It is said that e.g. (informally also written as eg.) is a abbreviated Latin phrase used in place of "for example".

Reference: here, here & here


Asia is a large continent containing many large nations (For example, China, India and Russia).

can also be written as the following by replacing "For example" by "e.g"

Asia is a large continent containing many large nations (e.g., China, India and Russia).

Is this "replacement" also valid when used in a case like this:

... and that is why Democratic countries often end up with higher rate of corruption. Take US & India for example.

Can the last sentence of above example be rewritten as:

Take US & India e.g.


I know that somehow it is incorrect but I am not aware of the reason.

  • 1
    No. In this case, use English: for example as it is. Use the abbreviation e.g., (not eg.) before a list of examples, as in the earlier sentence.
    – Kris
    Commented Jan 2, 2014 at 8:50
  • Or you can find a style guide allowing eg without the full stops (though I've never found one recommending the terminal usage you ask about). Remember that guides are guides, not the Ten Commandments, and always be wary when you meet a guideline saying 'Do it this way [ie the way that I prefer]'. I can even point you to one saying you shouldn't use these so-called 'Latin abbreviations' (e.g. / eg. /eg; op cit; etc; et al . . .) at all. Commented Jan 2, 2014 at 9:26
  • 1
    I'd just like to point out that 'Take US and India for example' is not a complete sentence anyway, regardless of the e.g./for example argument.
    – bamboo
    Commented Jan 2, 2014 at 13:09
  • @bamboo In what way is it not a complete sentence? The use of 'take' for 'consider' is allowable, and the 'for example' is a parenthetical, a pragmatic phrase. Commented Apr 2, 2015 at 23:51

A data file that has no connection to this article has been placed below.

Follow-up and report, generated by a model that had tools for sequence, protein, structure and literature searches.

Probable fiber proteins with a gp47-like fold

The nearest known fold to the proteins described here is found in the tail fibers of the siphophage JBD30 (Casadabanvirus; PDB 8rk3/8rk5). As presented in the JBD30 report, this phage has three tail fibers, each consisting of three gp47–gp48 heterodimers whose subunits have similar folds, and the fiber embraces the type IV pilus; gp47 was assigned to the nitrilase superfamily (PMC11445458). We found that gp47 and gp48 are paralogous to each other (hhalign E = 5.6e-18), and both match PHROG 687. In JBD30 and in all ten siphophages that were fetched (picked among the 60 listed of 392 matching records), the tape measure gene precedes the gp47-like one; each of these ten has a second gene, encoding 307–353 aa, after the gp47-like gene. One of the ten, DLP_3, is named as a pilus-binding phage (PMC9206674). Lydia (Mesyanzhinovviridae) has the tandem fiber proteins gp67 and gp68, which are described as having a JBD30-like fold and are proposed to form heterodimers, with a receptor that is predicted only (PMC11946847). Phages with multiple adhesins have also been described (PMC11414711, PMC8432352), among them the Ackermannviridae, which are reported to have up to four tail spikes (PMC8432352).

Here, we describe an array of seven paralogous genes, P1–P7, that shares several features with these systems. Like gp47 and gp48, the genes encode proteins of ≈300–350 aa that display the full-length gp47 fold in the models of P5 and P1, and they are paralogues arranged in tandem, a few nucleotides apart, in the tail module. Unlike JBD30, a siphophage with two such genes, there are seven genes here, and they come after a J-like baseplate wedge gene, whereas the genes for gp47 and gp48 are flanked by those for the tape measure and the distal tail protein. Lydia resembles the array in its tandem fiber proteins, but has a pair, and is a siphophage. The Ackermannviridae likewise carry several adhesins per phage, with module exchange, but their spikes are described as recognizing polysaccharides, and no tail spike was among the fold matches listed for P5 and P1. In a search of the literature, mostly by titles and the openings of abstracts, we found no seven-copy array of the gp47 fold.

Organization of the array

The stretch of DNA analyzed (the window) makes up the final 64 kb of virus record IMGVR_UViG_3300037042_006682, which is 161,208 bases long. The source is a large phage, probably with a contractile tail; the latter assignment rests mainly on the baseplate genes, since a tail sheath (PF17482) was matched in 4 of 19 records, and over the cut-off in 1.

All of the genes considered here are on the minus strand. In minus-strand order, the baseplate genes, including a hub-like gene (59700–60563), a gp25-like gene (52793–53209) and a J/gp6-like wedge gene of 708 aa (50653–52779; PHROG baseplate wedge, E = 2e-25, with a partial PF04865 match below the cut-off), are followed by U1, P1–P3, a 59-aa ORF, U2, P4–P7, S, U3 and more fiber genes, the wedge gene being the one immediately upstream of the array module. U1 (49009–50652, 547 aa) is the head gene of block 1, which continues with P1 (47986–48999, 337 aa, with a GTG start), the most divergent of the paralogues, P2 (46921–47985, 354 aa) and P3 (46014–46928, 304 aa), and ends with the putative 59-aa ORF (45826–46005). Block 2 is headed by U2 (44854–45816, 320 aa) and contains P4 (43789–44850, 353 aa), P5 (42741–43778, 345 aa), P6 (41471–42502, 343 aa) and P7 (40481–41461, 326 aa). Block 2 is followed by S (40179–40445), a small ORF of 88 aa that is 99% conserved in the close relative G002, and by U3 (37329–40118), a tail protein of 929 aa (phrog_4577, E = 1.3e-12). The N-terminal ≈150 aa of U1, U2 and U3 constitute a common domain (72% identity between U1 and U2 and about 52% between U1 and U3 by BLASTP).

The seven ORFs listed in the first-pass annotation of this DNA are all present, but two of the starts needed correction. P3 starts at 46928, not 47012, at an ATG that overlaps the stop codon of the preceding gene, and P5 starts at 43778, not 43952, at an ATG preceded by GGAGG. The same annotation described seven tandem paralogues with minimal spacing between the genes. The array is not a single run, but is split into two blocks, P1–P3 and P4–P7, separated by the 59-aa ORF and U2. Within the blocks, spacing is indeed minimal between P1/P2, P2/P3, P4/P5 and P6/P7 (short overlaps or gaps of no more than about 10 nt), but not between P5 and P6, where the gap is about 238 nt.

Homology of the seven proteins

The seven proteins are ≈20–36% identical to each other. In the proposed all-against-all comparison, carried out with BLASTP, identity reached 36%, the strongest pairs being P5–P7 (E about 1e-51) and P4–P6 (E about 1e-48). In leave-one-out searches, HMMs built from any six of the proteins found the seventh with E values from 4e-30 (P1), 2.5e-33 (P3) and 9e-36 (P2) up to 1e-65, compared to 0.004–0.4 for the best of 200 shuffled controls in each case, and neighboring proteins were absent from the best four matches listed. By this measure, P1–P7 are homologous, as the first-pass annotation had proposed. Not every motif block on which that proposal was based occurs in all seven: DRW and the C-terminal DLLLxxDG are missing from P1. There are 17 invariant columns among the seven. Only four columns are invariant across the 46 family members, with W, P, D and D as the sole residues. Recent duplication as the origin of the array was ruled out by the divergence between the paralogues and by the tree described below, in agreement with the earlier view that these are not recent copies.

2 Answers 2


All the relevant information seems already to be in this thread, so this is "icing" on the pre-existing "cake".

The reason that "e.g." should introduce a list rather than terminate the giving of an example lies in the Latin itself. "exempli" = "(an) example", "gratia" = "for the sake of". The natural sense, then, is to supply a helpfulexample or examples (but not exhaustive list) for something just mentioned.

"For example" is a common gloss for the Latin "exempli gratia", but not a precise translation. "E.g.", then, shouldn't simply be used wherever "for example" can be used.

In short, and to cite the authority of Brian Garner, Garner's Modern American Usage (OUP, 2009), p. 295, "e.g. introduces representative examples" (emphasis added). One might add, by implication, "it doesn't conclude them".

  • No; the reason that "e.g." should introduce a list rather than terminate the giving of an example lies in the fact that that's the way it's almost always used today. As Garner says. Appeals to Latin as justifications are almost invariably examples of the etymological fallacy. Commented Apr 2, 2015 at 23:56

No; 'e. g.' is to be used preceding a list of examples, but you cannot use it to replace the words 'for example' when they are simply the words which terminate a sentence. See this page for details on both 'e. g.' and its oft-conflated cousin, 'i. e.'

  • You are right. Find some authentic source that says so, and, presto! you've got the 'answer'. (My comment is not an authentic source lol.)
    – Kris
    Commented Jan 2, 2014 at 8:52
  • Will that link do?
    – DopeGhoti
    Commented Jan 2, 2014 at 8:56
  • That doesn't seem to explain the present case.
    – Kris
    Commented Jan 2, 2014 at 11:28

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